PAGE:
Autoethnography as 'Valid' Methodology? A Case Study of Disrupted Identity Narratives
Autoethnography has been deemed a contentious and ‘self-indulgent’ methodological approach within some quarters of the social sciences. This paper considers the use of autoethnography in the sociological study of disrupted identity occasioned by sporting injury. In particular, it examines the role of narrative activity in the construction of the injured and rehabilitated sporting body and the successful reconstruction of positive athletic identity. Based on a 2-year collaborative autoethnographic study by two middle/long-distance runners, the paper portrays the key narratives, both spoken and written, co-produced during the process of injury and recovery. This narrative activity facilitated sense-making, both phenomenologically and sociologically, of runners' injured bodies, and helped counteract the threat of identity disruption caused by long-term, serious injury. Via narrative exchanges as ‘co-tellers’, a high degree of intersubjectivity was achieved, which was central in pursuing our return to full running fitness and athletic identity. The paper argues for the use of autoethnograhic (both analytic and evocative) approaches alongside the array of more 'traditional' qualitative methods and representational forms used within the social sciences, and highlights their potential for providing unique insights into the phenomenology of human experience.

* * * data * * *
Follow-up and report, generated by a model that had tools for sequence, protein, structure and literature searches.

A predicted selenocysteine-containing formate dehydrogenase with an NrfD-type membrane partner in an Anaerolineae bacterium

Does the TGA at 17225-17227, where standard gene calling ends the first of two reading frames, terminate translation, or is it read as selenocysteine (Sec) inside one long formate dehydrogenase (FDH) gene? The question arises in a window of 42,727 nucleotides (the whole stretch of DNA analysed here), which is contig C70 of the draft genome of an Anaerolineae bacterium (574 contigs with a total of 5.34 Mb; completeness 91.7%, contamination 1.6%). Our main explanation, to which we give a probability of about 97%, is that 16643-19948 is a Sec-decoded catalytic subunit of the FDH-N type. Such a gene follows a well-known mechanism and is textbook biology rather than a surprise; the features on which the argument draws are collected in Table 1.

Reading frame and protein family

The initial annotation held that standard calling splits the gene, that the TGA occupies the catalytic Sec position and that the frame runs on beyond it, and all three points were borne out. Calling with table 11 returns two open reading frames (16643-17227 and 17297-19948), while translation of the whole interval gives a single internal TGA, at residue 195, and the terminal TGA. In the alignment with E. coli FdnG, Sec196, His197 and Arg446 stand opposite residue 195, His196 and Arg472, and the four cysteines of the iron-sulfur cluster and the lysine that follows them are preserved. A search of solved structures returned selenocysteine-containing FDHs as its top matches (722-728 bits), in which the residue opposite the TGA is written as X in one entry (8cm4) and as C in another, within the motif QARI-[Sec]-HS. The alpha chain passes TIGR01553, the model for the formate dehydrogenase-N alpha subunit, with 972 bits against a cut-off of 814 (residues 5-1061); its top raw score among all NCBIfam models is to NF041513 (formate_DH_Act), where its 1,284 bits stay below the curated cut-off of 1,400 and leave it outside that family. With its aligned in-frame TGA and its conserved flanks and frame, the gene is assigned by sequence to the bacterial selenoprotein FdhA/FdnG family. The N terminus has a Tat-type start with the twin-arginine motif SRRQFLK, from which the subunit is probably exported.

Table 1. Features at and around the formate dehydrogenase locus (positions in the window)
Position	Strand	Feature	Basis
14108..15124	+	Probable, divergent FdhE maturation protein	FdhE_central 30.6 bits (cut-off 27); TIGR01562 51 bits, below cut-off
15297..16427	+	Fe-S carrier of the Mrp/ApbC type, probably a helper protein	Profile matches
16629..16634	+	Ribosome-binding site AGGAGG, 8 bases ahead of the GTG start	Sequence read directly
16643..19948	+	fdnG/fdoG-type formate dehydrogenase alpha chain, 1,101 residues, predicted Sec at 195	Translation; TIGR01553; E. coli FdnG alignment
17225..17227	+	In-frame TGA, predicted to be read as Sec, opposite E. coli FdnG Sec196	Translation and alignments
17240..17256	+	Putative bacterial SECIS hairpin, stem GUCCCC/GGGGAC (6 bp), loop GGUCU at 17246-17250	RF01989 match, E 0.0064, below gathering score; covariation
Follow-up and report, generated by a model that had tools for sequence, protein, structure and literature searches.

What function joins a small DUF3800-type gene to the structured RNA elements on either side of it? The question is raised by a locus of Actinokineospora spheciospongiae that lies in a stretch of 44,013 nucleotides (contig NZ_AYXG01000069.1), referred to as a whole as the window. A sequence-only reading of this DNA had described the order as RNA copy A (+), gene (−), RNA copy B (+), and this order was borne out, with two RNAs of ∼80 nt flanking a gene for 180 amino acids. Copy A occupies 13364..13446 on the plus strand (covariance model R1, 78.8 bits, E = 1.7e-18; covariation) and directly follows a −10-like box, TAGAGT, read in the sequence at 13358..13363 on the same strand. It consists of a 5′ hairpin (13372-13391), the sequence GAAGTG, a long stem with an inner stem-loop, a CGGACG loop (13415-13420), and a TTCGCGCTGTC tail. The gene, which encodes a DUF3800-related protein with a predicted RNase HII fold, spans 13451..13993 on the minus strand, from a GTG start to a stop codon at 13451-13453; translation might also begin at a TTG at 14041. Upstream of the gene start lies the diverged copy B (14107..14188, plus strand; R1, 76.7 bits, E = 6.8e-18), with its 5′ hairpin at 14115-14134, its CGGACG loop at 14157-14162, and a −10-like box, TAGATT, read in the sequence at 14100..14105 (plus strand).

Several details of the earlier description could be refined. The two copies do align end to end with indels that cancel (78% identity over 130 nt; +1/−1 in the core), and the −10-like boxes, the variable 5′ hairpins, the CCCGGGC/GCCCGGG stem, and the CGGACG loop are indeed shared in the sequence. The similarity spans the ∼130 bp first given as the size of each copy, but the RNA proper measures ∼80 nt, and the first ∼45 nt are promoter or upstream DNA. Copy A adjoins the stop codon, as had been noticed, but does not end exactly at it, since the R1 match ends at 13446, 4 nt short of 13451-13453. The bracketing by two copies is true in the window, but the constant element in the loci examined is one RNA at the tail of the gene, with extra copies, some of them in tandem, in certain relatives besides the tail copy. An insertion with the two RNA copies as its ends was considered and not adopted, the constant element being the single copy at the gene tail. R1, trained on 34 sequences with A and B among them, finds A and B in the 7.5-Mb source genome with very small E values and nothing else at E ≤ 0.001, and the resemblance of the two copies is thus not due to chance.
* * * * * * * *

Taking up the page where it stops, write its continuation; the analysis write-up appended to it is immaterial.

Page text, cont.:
Keywords: Autoethnography - Analytic, Disrupted Identity, Narratives, Injury
Prof. Jacquelyn Allen-Collinson
Lecturer in Qualitative Research, Qualitative Research Unit